According to data released by the European Council, 341 out of the year 2000 prison inmate population of 2643 were foreign nationals, a share of 12.9%. In the year 2010 foreign nationals represented 1129 out of a 3636 total, a 31.1% share. These figures were corroborated by officials of the Norwegian Correctional Service which stated the rising trend escalated when 8 countries joined the Schengen Area in 2007.[36] In order to decrease costs for interpreters and other special needs of foreign inmates, foreign nationals serving sentences involving subsequent deportation were in 2012 incarcerated in an institution holding only foreigners as they are not intended to be re-integrated into Norwegian society.[37] This institution opened in December 2012 in Kongsvinger.[38]

In September 2016 Norwegian authorities discovered that more than a million identity papers had been issued without stringent checks which enabled fraudsters to claim social welfare benefits of many persons simultaneously. The Norwegian system is based on trust and cohesion in society and therefore lacks stringent identity checks at every single government agency.[39]

In 2017, a Statistics Norway (SSB) report on crime in Norway was ordered by the immigration minister Sylvi Listhaug.[41] SSB limited the scope of the paper to figures for individual nations from which at least 4,000 immigrants lived in Norway as of 1 January 2010.[42] In the 2010–2013 period, the proportion of foreign-born perpetrators of criminal offences aged 15 and older per 1000 residents in Norway was found to be highest among immigrants from South and Central America (164.0), Africa (153.8), and Asia including Turkey (117.4), and lowest among immigrants from Eastern Europe (98.4), other Nordic countries (69.1), and Western Europe outside the Nordic region (50.7). This was compared to averages of 44.9 among native Norwegians and 112.9 among Norway-born residents with parents of foreign origin.[43] Among individual countries of origin for which figures were provided, the estimated proportion of foreign-born perpetrators was highest among immigrants from Kosovo (131.48), Afghanistan (127.62), Iraq (125.29), Somalia (123.81), and Iran (108.60). Immigrants from Poland were the only over-represented population for which gender and age structure, employment and place of residence, could explain their over-representation.[34] The total number of perpetrators in the 2010–2013 period with Norwegian background was 154326 and 27985 with immigration background.[44]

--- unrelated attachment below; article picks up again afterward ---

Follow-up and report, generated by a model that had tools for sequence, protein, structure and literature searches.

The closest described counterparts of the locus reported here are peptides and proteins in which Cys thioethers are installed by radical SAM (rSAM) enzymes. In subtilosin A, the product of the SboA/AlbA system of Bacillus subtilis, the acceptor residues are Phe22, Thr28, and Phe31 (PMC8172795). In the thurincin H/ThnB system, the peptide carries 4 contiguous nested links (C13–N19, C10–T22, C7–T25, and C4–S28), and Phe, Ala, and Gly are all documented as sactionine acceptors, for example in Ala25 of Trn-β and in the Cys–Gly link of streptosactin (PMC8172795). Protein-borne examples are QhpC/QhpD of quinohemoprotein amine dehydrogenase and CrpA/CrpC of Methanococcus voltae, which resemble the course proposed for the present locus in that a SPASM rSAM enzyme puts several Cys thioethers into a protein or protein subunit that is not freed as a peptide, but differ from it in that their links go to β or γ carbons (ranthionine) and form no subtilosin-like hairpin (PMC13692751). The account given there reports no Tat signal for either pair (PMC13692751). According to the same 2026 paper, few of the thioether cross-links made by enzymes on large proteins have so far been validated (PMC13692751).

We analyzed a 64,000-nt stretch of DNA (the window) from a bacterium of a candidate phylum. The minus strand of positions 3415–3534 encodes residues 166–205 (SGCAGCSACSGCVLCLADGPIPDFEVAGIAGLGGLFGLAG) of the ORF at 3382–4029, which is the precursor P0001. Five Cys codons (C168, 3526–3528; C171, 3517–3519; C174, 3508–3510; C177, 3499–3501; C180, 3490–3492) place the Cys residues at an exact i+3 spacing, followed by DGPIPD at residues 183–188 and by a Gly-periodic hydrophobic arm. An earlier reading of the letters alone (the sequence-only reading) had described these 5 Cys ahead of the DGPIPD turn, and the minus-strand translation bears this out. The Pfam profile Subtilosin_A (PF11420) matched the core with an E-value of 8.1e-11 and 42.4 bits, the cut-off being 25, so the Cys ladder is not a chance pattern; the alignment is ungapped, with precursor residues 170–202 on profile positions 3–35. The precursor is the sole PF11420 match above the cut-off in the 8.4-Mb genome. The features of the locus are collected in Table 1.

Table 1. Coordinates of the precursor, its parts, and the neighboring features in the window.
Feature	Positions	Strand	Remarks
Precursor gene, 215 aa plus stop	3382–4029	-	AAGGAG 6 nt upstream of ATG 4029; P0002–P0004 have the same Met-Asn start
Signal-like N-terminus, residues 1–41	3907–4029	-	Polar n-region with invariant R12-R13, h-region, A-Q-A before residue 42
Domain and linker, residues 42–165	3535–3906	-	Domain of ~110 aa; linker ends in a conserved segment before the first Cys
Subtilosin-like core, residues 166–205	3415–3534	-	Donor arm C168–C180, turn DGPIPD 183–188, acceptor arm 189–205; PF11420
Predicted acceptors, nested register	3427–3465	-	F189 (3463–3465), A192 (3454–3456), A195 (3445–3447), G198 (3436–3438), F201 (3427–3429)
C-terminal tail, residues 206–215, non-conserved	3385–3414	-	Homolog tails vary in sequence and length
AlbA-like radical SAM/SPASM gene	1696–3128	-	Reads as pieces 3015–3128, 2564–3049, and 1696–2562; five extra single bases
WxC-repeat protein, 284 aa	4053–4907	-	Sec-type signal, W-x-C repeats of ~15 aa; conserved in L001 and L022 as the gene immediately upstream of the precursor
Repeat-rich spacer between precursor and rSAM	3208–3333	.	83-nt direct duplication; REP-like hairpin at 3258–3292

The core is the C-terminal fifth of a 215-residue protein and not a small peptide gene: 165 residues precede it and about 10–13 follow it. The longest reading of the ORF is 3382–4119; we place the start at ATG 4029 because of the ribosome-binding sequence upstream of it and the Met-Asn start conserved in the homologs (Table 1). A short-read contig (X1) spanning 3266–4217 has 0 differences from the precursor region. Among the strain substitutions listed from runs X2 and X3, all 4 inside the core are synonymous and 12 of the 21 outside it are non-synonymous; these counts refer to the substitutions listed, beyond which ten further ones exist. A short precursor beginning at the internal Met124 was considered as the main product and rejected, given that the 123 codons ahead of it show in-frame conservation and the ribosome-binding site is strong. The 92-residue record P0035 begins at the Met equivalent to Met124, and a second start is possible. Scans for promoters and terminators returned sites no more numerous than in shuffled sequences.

Total persons sanctioned in Norway by principal type of offence, citizenship and year, 2011–2015 (click image to view).

According to Statistics Norway, as of 2015, a total of 260,868 persons residing in Norway incurred sanctions. Of these, most were citizens of countries in Europe (240,497 individuals), followed by Asia (2,899 individuals), Africa (2,469 individuals), the Americas (909 individuals), and Oceania (92 individuals). There were also 13,853 persons sanctioned who had unknown citizenship, and 149 persons sanctioned without citizenship. The five most common countries of origin of foreign citizens in Norway who incurred sanctions were Poland (7,952 individuals), Lithuania (4,227 individuals), Sweden (3,490 individuals), Romania (1,953 individuals) and Denmark (1,728 individuals).[45]